My first trip abroad was just after I graduated pharmacy school. It was my gift to myself for getting through those five grueling years. Two weeks and three cities in the UK and Ireland.
I was ecstatic.
It was a dream come true - both needing a passport and especially, using it to go to the place I’d always considered myself “from” - and I will admit, that because of my exuberance, I may have gotten a little overzealous with the packing judging by the luggage I took with me.
One large suitcase (like the kind that barely makes it under the weight limit), the suitcase I now use as a carry-on (which is still about twice the size of a carry-on in Europe), a backpack, and a very large purse of some sort I’m sure. It was over the top and now, I can’t think for the life of me what was so important in all that!
I cursed my inexperience throughout the whole trip there, but nothing proved the extent of my mistake so much as stepping off the train (or Tube in London) from the airport to my hotel stop and realizing with a lurch in my stomach: no lift (as in…elevator).
I can picture now the look that must have been on my face.
As I struggled upward with all my extraneous stuff, out of nowhere someone took a suitcase from me and carried it up. I’m sure it was out of frustration that I was in his way as much as it was out of kindness, but I was grateful just the same.
And after walking to each hotel that also had no lifts, and navigating buses and trains between cities, let’s just say I learned a lot over the course of that first trip.
Now, I can do two weeks with just my smaller suitcase and a backpack.
I’ll consider myself a master when I can do it with only a backpack.
Because as it turns out, there is a bit of an art to packing and there are nuances to each kind of trip - domestic vs international, work vs pleasure, overnight vs extended - and of course, there is also necessary variation depending on activities planned. Hiking boots take up more room, for instance than a bathing suit.
These are things I’ve learned with experience and practice.
Said another way, with experience and practice, I’ve gotten better.
This memory came to me recently in a seemingly unrelated way. It was after a couple of work calls where frankly, I just hadn’t been at my best. I started the conversations already frustrated, and the folks on the calls were…ummmm…of the challenging sort.
Example. You know how some people struggle with conversational cues and end up talking over the top of everyone else? And how when faced with those people, sometimes it feels like your only response to get a word in is to do the same thing?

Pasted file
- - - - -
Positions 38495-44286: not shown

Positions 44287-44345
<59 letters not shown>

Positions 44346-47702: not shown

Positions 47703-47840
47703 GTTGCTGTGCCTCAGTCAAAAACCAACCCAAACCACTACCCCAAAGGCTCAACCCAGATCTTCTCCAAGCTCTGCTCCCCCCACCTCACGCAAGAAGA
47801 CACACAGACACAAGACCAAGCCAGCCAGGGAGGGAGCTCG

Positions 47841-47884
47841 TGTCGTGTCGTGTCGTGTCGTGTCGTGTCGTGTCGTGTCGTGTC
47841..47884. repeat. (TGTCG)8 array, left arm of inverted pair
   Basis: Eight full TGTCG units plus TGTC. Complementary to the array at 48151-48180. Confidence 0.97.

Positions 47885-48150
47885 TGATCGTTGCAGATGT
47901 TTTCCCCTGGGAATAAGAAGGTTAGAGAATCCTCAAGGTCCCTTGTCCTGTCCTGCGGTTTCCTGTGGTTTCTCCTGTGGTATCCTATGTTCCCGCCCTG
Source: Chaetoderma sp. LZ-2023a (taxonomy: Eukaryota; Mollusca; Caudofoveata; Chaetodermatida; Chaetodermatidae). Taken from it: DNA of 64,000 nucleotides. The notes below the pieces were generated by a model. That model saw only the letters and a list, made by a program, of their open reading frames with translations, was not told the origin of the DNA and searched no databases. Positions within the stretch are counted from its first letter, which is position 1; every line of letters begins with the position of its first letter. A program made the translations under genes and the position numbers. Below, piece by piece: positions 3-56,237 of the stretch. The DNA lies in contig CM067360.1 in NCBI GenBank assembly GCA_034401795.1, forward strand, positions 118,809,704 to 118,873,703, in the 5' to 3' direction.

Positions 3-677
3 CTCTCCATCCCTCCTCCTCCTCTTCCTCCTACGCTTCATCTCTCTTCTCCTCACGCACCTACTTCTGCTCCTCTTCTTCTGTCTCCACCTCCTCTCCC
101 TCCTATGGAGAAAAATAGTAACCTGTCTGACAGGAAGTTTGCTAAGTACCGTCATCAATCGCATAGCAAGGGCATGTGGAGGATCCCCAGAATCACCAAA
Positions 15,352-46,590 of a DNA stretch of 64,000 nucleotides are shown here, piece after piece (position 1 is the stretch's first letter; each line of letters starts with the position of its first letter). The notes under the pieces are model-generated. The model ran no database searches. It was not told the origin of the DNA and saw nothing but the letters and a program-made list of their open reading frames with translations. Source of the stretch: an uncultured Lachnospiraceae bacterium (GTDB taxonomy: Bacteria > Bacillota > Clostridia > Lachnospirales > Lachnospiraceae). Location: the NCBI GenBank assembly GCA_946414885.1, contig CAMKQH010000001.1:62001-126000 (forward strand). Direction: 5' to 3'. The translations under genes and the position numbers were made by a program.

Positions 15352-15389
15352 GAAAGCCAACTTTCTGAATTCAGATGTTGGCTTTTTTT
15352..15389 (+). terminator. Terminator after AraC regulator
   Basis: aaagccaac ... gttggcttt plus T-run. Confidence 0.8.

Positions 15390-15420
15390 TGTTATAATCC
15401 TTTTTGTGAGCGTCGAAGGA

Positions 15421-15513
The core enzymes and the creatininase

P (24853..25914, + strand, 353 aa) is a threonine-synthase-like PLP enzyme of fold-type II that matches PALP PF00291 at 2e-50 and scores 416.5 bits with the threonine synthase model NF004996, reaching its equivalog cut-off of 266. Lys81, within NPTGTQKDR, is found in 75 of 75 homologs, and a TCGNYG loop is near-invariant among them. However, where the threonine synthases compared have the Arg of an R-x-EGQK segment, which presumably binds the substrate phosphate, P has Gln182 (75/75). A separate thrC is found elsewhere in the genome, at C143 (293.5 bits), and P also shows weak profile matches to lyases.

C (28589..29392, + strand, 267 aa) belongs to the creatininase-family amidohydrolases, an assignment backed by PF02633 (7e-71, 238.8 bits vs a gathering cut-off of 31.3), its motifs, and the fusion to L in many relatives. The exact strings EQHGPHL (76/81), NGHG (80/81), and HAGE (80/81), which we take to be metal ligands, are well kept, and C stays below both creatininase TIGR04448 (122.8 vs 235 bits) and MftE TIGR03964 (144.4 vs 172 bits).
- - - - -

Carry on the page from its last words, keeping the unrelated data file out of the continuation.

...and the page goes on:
Yes, well, I ended the calls feeling both drained and really bad about my behavior in response to theirs. I found myself wondering why couldn’t I just stop myself?
Why couldn’t I do better?
Whoa, whoa, whoa, whoa, Bridge, let’s just take a breath.
First of all, being effective in a relationship - whether it be with a family member, friend, colleague, or otherwise - is not innate, but learned behavior. So just like many other things in life, it takes experience and practice.
And just like other things we have to learn, like say, how to pack for a trip, doing “better” does not mean never messing up. I am now better at packing, but that doesn’t mean I never bring anything superfluous or on the other hand, never leave out something important.
What’s even more, when you’re talking about how we relate to each other as humans there is a layer to the interaction that’s occurring at a subconscious level. We respond to all sorts of things like facial expressions and vocal variations at a level that is beyond our awareness.
Mind blown, right?
But that means that no matter how well you manage what you know about, there’s stuff happening that you don’t.
Doing better interacting with my workmates then does not mean never losing my patience, or never having reason to think, man I wish I hadn’t just said/done that. Being better might mean attempting to limit those moments sure, but it might also mean handling things differently when I do inevitably have them. Like being kinder to myself or apologizing to someone if it’s called for.
Being better at something is not an endpoint. It is not something you achieve. It is something you work at. It is a process.
My friend once said it like this. Improvement is like a snowfall. Each flake doesn’t look like much when you see it on its own, but when you look back over some period of time, the whole landscape is white.
So let’s give ourselves a break, shall we? Let’s remember that just deciding we want to be better and believing we can be better and carrying on when we stumble are steps on the road to being better. And let’s also remember that each small step toward better is better.
That better does not mean perfect.
A master, after all, doesn’t carry nothing; she still carries a backpack.